Long about a year ago, the Small housecats ran with fleas. We went with Frontline, which cured the kitties, but probably wasn’t ecofabulous.

So, guess what: The little fuzzfaces are infested once again. While a bona fide flea killer can’t be brewed at home, flea repellent can be DIY’d from household ingredients, says Craftzine. Observe:

Could this help my catskys? Anyone out there ever test drive a similar recipe?

About knitting:

And soup-swappin':

And tchotchke-remixing:

And cat-snuggling:

What’s on your Feb. 21/22 to-do list?

Endnote: 1) Free Owl Sweater pattern at Needled. 2) My pasta e fagioli, a possible candidate for the Central District Soup Swap on Feb. 24. 3) A Living Small vignette, soon to be transformed. 4) Gulliver the cat, snoozing and snuggle-ready.

Say farewell to feline furballs! Professional cat groomer-turned-handbag entrepreneur Danelle German of Simpsonville, South Carolina, has harnessed the power of the Persian to create a line of bespoke knitted and felted satchels — made of leftover cat hair. Watch:

German, who calls her company Catty Shack Creations and who named the schmancy yarn “chatangora,” has made a tidy profit (and a clowder of cat-lady friends) by turning grooming chaff into something both useful and commemorative. Strikes me as Small, sure. But also a bit … eccentric. Though yarn drawn from my sweetie Domino could be so lush:

Or just loony. Your take?

Via TreeHugger.

If you’re like me, Christmas is an equal opportunity giftfest — which means that everyone in the house, animals included (like my sweetie-Gulliver, below), gets gifted.

Got a furry friend in your home? Have a pal whose four-legged sidekick deserves a special treat? No sweat, my pet. Here’s a quick roundup of DIY gifts that can make any animal lover’s Christmas the cat’s meow.

FOR THE FLUFFIES

  • Kitty Condo. Swank it up for your favorite feline with this multilevel highrise. Via ReadyMade.
  • Corrugated Scratching Post. Face it: Little Kitty gotta scratch, yo. Via ReadyMade.
  • Knitted Catnip Dim Sum. Watch your cat get crazy with slippy, slidey, grippy, ‘nippy toys made with love. Via knitty.com.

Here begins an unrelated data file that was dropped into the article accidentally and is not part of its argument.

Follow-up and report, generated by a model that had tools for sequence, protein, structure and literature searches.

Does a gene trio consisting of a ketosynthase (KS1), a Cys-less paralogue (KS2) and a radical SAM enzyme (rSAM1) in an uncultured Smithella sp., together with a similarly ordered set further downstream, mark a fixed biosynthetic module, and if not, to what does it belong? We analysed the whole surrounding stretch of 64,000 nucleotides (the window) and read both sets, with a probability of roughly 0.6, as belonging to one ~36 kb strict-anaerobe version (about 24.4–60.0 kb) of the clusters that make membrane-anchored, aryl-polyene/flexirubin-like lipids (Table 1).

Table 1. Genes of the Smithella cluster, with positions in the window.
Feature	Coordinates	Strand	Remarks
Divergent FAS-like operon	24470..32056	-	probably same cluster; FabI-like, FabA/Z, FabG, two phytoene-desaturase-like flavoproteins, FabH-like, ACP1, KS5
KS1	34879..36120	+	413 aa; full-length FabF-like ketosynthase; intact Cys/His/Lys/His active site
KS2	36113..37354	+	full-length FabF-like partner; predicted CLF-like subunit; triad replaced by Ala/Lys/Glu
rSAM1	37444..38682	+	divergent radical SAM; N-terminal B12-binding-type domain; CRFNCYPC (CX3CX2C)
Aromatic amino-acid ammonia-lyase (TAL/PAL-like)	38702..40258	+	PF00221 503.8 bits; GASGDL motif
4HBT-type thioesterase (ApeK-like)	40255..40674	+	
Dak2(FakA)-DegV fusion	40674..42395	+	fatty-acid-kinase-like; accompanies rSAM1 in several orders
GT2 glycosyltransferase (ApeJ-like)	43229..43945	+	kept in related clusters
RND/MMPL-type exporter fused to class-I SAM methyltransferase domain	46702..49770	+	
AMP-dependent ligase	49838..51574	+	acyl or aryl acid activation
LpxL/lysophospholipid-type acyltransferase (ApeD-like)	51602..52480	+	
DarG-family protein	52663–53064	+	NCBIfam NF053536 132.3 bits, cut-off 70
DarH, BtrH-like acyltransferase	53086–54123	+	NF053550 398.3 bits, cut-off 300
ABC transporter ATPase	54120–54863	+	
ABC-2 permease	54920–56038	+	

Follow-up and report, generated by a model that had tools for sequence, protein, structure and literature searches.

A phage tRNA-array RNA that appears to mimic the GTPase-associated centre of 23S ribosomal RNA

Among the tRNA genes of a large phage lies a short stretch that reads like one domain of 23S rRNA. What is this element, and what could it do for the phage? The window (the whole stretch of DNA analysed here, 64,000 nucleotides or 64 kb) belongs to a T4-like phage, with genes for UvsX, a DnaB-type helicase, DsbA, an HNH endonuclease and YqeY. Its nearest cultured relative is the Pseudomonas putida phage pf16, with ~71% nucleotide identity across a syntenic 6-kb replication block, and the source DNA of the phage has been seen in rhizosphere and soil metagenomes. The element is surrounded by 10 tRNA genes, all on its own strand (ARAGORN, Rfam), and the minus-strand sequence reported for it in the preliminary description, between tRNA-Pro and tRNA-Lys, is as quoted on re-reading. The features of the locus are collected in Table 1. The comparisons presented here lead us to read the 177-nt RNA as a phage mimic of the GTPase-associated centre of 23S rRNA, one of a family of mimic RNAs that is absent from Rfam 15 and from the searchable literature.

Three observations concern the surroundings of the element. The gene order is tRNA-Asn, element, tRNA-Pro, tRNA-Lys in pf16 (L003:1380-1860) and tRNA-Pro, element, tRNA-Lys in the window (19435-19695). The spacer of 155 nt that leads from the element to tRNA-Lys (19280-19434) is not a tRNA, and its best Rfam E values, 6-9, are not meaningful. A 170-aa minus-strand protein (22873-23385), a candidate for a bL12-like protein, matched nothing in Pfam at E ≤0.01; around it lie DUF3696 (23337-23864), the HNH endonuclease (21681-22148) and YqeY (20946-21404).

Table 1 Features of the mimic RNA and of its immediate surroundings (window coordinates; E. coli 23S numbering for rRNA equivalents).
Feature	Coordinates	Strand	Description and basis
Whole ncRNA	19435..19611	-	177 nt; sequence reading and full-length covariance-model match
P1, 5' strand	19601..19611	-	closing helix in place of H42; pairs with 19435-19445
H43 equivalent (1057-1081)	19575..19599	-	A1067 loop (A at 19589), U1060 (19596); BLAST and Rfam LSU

• Landfill-Bounds. No link for these DIYs, dovies, ‘cuz they are too easy. Think about gifting Catface with a trove of trashy treasures. Gulliver and Domino’s favorites:

    Old wine corks — they bounce! they slide! they stink like fermented things!
    Balls of tinfoil stuffed with catnip — wild, man, wild.
    Dried leaves — they float and fly and taste like the outside.
    Rubberbands — fire á la fifth grade and watch ‘em soar!
    Empty Satsuma mandarin boxes — the perfect size for snuggling.

FOR THE FIDOS

  • Mini-Dog Carrier. Looks like a tiny circus tiger cage, right down to the red trim and wooden “bars.” Plush it out with faux shearling, and your Poochiepoo can ride in style. Via ReadyMade.
  • Peanut Butter Doggy Biscuits. I’m told that dogs like PB, and I know that they like biscuits. How can you go wrong? Via Sugarlaws.
  • Quilted Canine Jacket. A project that is not for the faint of heart, but yowser! Bowser will look like the Queen of the Nile (or the King of Spain) in this awesome, almost asymmetrical warmer. Via ReadyMade.
  • Tennis Ball Toys. Traditional tennis ball tossing totally played out? Check out this handful of projects that will keep Canine happy, and keep you from that playtime breakdown. Via Planet Green.

And, for those whose pets boast fins or feathers, a few fish and fowl DIYs:

Fleabit!

September 16, 2008

The cats have fleas.

These (gorgeous, sweetiepie, loveydovey) cats:

Have these:

Grody! And itchy, too! We tried baths in Dr. Bronner’s, vacuuming, flea combing — all to no avail. So we vetted it and got the Frontline, a nasty chemical cocktail that supposedly interrupts the flea life cycle to rid your pet of blood-sucking pests.

Just yesterday, however, I ran across this post on natural flea remedies at Apartment Therapy. From salt to cedar, essential oils to vinegar, it appears that you can bust the little biters with household goods. Has anyone tried any of these methods? Or is Frontline the bottom line?

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